6 Ghanaians who chose to play for other countries

6 Ghanaians who chose to play for other countries

The practice of professional footballers switching their nationality (in most cases from their nation of birth) to play international football has been in existence for many decades now.

Per FIFA rules, this can happen only if the player has not represented any country in their senior team’s official matches.

An example is the legendary Alfredo Di Stefano, who played six times for Argentina, his nation of birth, before representing his adopted nation, Spain, 31 times.

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There are other cases where players represented the country of their origin even though they held the passport of another country and had played for that country’s youth teams.

YEN.com.gh brings you 6 Ghanaians who chose to play for other countries:

1. Jerome Boateng (Ghana - Germany)

The Bayern Munich guardsman was born and raised in Germany, but Boateng comes from a home of a Ghanaian father.

Boateng excelled at youth level for Germany, as did his brother, Kevin-Prince – who opted to rather represent Ghana – the country for whom his uncle Robert had also played, with Jerome opting for Germany – for whom the two had excelled at youth level.

He was part of Germany team that won the 2014 World Cup in Brazil.

2. Danny Welbeck (Ghana – England)

The Arsenal forward, funnily, he made his debut for the Three Lions against Ghana in 2011 – the nation who he could’ve chosen to play for.

The former Manchester United striker was booed by the away fans as he made his entrance on 81 minutes. Although he was born and raised in England, Welbeck’s parents are both Ghanaian.

His full name Daniel Nii Tackie Mensah Welbeck and he has played 42 games for England, scoring 16 goals.

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3.George Boateng (Ghana – Netherlands)

6 Ghanaians who chose to play for other countries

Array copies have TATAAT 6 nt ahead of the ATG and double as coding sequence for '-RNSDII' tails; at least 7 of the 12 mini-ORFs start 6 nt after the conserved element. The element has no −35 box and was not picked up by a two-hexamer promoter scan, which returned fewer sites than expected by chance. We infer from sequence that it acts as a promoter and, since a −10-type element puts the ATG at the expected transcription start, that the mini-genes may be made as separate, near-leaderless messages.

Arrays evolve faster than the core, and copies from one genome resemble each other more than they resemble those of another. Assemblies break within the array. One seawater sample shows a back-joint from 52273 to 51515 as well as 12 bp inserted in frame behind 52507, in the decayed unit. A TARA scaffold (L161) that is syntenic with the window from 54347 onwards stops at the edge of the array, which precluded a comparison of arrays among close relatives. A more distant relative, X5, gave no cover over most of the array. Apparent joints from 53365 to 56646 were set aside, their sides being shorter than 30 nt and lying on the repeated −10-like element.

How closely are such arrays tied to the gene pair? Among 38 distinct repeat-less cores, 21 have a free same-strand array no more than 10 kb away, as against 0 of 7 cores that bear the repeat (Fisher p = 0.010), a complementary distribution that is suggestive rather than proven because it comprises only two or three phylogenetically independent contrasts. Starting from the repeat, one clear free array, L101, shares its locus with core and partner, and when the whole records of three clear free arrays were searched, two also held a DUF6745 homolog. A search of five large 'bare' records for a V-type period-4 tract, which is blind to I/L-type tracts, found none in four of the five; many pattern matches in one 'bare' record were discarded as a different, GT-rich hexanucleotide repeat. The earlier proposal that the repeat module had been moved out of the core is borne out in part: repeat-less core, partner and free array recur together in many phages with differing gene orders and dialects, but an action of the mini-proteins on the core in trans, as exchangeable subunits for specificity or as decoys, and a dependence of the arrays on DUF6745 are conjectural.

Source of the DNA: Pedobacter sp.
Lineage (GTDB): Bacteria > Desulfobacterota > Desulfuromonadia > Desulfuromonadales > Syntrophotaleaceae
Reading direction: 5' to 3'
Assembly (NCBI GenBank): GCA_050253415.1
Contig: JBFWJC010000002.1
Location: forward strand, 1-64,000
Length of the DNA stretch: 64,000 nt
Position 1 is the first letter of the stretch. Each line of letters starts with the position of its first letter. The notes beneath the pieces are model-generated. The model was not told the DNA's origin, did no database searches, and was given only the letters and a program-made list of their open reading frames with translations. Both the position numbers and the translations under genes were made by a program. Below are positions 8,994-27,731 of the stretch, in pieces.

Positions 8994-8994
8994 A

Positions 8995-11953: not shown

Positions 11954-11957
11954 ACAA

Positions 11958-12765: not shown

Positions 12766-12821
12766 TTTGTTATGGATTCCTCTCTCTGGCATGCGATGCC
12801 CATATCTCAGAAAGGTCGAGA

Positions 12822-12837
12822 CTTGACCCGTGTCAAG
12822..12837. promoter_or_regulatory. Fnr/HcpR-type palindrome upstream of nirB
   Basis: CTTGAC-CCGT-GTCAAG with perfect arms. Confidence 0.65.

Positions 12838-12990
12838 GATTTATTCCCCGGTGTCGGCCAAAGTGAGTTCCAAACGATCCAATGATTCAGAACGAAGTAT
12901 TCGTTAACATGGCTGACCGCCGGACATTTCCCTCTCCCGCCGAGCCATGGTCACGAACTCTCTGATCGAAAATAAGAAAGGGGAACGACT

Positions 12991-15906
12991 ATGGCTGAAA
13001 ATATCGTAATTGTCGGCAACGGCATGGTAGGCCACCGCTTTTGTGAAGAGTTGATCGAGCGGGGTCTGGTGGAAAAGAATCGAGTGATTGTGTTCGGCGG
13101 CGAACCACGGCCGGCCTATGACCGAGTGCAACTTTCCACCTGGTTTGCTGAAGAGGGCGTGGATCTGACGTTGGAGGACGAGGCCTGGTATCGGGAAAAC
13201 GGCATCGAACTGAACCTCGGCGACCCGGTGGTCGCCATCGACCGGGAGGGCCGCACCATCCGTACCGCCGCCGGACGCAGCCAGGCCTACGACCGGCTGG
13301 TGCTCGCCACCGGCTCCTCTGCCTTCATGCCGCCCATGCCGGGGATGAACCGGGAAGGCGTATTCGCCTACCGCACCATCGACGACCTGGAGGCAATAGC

George Boateng (Photo credit: Sky Sports)

Boateng is a former Dutch footballer who is of Ghanaian descent. Although born in Ghana, Boateng chose to represent Netherlands at international level, earning four caps in total for Oranje.

Boateng made his international début for the Netherlands in a 1–1 draw with Denmark in November 2001.

During his active days he featured for clubs like Middlesbrough, Aston Villa and Hull City.

4. Memphis Depay (Ghana – Netherlands)

Depay is the son of a Ghanaian father and a Dutch mother. His parents split up when he was aged four, and plays only under his given name to spite his absent father.

His father, Dennis Depay, told British newspaper The Sun that he wishes to reconcile with Memphis. He contests his son’s claim that he ever abandoned him.

Depay made his international debut for the Dutch national team on 15 October 2013, coming on for Jeremain Lens in the last minute of a 2–0 away win against Turkey at the Şükrü Saracoğlu Stadium in World Cup qualification.

5. Marcel Desailly (Ghana – France)

Desailly made the controversial decision to play for France, instead of his parents home country of Ghana. He has often said that he feels totally French and while having ties with his native country, never even considered playing for another country than France.

This stance was restated in his autobiography, published in 2002. He made his international debut in 1993, but was not established as a first choice defender until 1996. He was an important part of the French team which won the 1998 World Cup, albeit being sent off in the final. Like other team members, he was made Chevalier (Knight) of the Légion d’honneur in 1998.

Two years later success continued, as France won Euro 2000. After the tournament, Desailly was made the captain of the national team, following the retirement of Didier Deschamps. In 2001, he led France to victory in the Confederations Cup.

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6. Mario Baloteli (Ghana – Italy)

Almost eight years ago Balotelli was called up to represent Ghana, as his parents are both Ghanaian-born, but he refused as he was waiting for Italy to give him the nod.

Arguably one of the most controversial characters in world football, the Liverpool forward has scored 13 times for Italy in 33 appearances.

In 2007 Balotelli was called up for Ghana by then coach Claude Le Roy, but he refused, insisting that he was holding out for the invitation from Italy.

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